"This teaches me things I didn't know before," Angle said. "I'm tired of
just stumbling along through life -- sick of everything I became. This
program has taught me that I have a choice: that I can change."

In New York, Phoenix House admits about 1,000 people every year to a
residential treatment program. Many of them might otherwise go to prison
under the state's Rockefeller drug laws. The laws give judges no choice but
to sentence offenders to jail, but prosecutors often decide not to press
charges if an offenders agrees to stay in a program like Phoenix House.

New York Gov. George Pataki, a Republican, has suggested that his state's
harsh anti-drug laws could be amended to give judges discretion to send some
first-time offenders to treatment instead of jail. Critics say his proposal
is too modest, but Democrats, concerned they would be labeled soft on drug
crime if they agreed to the changes, have refused to act upon it.

A majority of the people who enter Phoenix House identify crack as their
primary drug. Treatment involves extensive group therapy for 12 to 18
months, paid for by state and federal grants, or donations. For people who
are used to instant gratification, Phoenix House is a long, slow process --
a prospect that makes many addicts balk at entering on their own.

But the program's results defy the predictions that crack addicts would
prove untreatable. About 70 percent of those who complete at least a year of
the program have tested drug-free up to five years after departing, said Dr.
Mitchell Rosenthal, the president of Phoenix House.

"Crack and me were like best friends," said Danny Servera, a 31-year-old New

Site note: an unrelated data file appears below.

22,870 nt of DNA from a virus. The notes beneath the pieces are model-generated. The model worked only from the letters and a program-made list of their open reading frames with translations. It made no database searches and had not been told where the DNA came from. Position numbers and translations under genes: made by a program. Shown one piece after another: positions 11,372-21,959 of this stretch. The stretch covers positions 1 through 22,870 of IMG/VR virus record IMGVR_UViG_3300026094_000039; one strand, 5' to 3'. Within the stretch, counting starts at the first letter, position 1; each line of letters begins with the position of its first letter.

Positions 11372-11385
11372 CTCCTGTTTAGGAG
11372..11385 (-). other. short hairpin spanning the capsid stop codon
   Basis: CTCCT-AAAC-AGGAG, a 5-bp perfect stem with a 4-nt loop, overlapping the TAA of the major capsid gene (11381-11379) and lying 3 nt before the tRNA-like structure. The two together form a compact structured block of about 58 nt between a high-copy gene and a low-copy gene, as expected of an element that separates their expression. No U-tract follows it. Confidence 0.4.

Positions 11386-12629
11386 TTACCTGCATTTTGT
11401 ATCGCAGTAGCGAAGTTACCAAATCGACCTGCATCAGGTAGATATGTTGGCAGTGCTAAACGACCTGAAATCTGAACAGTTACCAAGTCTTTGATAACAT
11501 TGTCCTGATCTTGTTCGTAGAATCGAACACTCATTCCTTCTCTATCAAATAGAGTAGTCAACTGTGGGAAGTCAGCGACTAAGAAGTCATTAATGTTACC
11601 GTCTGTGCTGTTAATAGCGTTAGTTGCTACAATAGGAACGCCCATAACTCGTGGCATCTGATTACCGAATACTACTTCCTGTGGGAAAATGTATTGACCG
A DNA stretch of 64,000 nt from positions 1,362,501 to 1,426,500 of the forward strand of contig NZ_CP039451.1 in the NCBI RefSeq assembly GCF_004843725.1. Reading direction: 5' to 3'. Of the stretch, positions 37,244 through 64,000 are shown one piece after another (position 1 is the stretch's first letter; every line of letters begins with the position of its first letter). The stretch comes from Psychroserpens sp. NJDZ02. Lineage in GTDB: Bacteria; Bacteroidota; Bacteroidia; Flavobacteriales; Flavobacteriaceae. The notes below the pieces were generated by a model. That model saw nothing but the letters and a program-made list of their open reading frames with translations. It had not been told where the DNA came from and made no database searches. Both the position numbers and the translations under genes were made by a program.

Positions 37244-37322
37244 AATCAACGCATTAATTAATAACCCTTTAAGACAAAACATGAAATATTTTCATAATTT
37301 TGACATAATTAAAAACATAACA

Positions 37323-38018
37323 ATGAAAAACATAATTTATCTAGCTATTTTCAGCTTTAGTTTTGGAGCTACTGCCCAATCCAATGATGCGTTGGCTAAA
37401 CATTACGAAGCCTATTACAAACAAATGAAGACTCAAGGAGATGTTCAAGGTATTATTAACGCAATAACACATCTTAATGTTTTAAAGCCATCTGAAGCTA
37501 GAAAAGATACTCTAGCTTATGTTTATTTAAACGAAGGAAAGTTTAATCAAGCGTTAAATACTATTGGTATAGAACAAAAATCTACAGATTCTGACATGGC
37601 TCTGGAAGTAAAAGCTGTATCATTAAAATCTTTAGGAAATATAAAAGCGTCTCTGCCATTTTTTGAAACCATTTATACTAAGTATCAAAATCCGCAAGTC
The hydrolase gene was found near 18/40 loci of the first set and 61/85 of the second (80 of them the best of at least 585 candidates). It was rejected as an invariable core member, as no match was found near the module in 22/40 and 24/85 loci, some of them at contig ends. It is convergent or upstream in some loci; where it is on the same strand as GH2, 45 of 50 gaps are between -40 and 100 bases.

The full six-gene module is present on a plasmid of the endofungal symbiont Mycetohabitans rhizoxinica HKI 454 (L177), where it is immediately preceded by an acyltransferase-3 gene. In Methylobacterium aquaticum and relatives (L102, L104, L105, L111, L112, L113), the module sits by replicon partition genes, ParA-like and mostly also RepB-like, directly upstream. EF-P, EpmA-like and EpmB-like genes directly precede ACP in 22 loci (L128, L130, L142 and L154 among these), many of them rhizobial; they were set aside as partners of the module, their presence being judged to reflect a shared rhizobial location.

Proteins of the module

Yorker who has been in treatment for eight months. He is a natty dresser who
used to manage a men's clothing store. This is his second time in treatment
for crack.

"I never woke up in the morning with the shakes or anything like that,"
Servera said. "For me, it was always mental. I'd start to think about
getting high as a way to numb myself."

Treatment is built around the person, not the drug. It involves rebuilding a
life, in contrast to prison, where the concept of rehabilitation has been
all but abandoned.

"There's a growing number of us who never walked away from the belief that
the key to bringing down drug use is trying to change behavior," said
Barbara Broderick, who administers the drug treatment fund for the state of
Arizona. "Prison should be for violent people and the recalcitrant."

Prison is where most hard-core drug users who have run afoul of the law now
reside. More than 90 percent of them have had no treatment for the
addictions that got them in prison, where drugs often remain freely

Locking up these people, in the view of some criminologists, is a main
reason why crime is down. But as many of the nation's 400,000 imprisoned
drug offenders are released in the coming years, they are likely to follow a
pattern that has already taken hold: the ones who have not been treated --
the great majority -- will commit another crime within five years.